Ray Carofano

dnj Gallery, Santa Monica, California

Preview by A. Moret

Ray Carofano, "L.A. River#43," 2014 archival pigment print, 21 1/2 x 32"

 

To many, the Los Angeles River serves a singular function as a food control channel, but to photographer Ray Carofano it is a site of concrete beauty where subtle shifts of light present endless opportunities to capture an unexpectedly picturesque destination. The River extends fftyone miles through the city. Yet its presence is easily forgotten, as much of it has been fenced off from public view. It is a part of nature that feels entirely unnatural, characterized by erosion, debris, and even homelessness. A barren concrete channel with diminishing water lines serves as a reminder of the drought that plagued Southern California for nearly a decade. Faded graffti marks are replaced by newer ones, and urban waste ebbs and fows.

In “RIVERRUN” Carofano presents a suite of archival pigment prints that at frst glance appear to be landscape watercolors. In his thoughtful focus on specifc elements of the River such as the supporting “x” cross beams, Carofano transforms decaying concrete into a study of symmetry. Gentle refections of a serene area of water refect the afternoon sun. Works such as “River #62” transform our mental picture of the neglected River and reconsider it as a site of architectural integrity and an escape from the hum drum of the city traffc above. “River #29” is a close up of a fractured wall that seems to run into the water below. The vantage point makes broken concrete feel like geological fault lines, revealing the history of the manmade channel. In “River #66” several birds bask in the shallow water and dry off in the afternoon sun. The silhouettes of the birds divert the eye from the barren concrete slope in the background, but the eye is then drawn down towards a gentle beach-like tide in the foreground.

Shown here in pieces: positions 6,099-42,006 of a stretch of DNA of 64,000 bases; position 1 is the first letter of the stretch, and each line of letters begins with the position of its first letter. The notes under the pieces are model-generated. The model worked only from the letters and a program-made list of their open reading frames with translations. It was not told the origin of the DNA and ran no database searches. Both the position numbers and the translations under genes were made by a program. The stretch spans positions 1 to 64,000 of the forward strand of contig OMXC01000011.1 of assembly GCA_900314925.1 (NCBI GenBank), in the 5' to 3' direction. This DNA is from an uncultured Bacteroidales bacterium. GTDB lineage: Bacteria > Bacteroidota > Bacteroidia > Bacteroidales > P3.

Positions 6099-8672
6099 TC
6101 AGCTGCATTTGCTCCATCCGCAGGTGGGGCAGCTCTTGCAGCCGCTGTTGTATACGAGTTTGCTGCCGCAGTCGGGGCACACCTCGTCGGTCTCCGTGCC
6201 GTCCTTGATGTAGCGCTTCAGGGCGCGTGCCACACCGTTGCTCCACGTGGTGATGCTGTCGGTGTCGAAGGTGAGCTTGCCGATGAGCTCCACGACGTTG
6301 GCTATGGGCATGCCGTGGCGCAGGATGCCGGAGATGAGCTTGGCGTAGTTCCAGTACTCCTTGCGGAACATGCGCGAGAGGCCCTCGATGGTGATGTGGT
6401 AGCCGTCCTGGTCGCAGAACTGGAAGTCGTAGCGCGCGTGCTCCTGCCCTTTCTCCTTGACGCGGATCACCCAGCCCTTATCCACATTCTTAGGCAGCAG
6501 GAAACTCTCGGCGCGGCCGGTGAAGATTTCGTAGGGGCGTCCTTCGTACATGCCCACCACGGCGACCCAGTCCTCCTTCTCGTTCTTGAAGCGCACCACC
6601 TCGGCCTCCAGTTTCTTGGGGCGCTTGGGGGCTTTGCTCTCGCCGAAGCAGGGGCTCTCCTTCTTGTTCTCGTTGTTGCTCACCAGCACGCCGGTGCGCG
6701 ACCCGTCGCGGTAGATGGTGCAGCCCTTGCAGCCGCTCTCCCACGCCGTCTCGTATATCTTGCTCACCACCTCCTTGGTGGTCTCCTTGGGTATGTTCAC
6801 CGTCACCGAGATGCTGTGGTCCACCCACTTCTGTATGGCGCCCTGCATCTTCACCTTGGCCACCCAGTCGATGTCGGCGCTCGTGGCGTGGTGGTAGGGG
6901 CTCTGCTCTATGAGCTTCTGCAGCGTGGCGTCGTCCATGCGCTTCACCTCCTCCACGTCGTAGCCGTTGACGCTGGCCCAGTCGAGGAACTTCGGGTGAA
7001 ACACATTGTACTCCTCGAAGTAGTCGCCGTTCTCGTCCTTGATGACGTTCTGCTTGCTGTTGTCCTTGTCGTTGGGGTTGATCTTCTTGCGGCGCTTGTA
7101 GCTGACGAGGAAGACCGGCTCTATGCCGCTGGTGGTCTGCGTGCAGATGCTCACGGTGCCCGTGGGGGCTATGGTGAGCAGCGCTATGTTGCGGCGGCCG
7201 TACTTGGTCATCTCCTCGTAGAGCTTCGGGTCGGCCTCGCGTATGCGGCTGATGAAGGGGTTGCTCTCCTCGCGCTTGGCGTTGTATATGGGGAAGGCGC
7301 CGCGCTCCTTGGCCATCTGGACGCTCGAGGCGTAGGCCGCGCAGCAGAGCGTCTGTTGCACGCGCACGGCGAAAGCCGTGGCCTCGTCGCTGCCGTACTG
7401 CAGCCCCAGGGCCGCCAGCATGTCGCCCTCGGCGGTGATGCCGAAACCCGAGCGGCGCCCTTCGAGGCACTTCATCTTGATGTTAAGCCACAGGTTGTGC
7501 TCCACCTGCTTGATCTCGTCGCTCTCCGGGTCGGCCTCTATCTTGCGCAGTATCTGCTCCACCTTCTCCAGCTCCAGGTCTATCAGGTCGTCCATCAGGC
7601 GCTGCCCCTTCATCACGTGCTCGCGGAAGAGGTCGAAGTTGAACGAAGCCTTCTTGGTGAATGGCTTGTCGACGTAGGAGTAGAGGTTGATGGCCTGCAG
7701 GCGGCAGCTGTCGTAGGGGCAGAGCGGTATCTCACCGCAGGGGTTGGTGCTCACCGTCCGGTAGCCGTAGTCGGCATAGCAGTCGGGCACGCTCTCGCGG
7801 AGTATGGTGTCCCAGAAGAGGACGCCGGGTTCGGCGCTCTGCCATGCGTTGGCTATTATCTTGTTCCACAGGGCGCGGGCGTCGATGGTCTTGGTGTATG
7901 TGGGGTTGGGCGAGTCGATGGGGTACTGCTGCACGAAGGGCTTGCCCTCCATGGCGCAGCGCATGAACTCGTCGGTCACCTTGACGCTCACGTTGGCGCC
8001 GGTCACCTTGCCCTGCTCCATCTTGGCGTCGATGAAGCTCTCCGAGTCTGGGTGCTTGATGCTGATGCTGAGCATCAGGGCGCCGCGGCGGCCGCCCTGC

Embarking on a career in photography over ffty years ago, Carofano studied the entire set of “The Encyclopedia of Photography.” His initial passion turned into an obsession and then his profession. Carofano’s work possesses a transformative power. Through his lens a destination, seldom celebrated for its architecture, landscape, wildlife or magical natural light becomes a new source of fascination. A River runs through the heart of Los Angeles and “RIVERRUN” is the artist’s photographic diary of a city where beauty exists in the least expected places.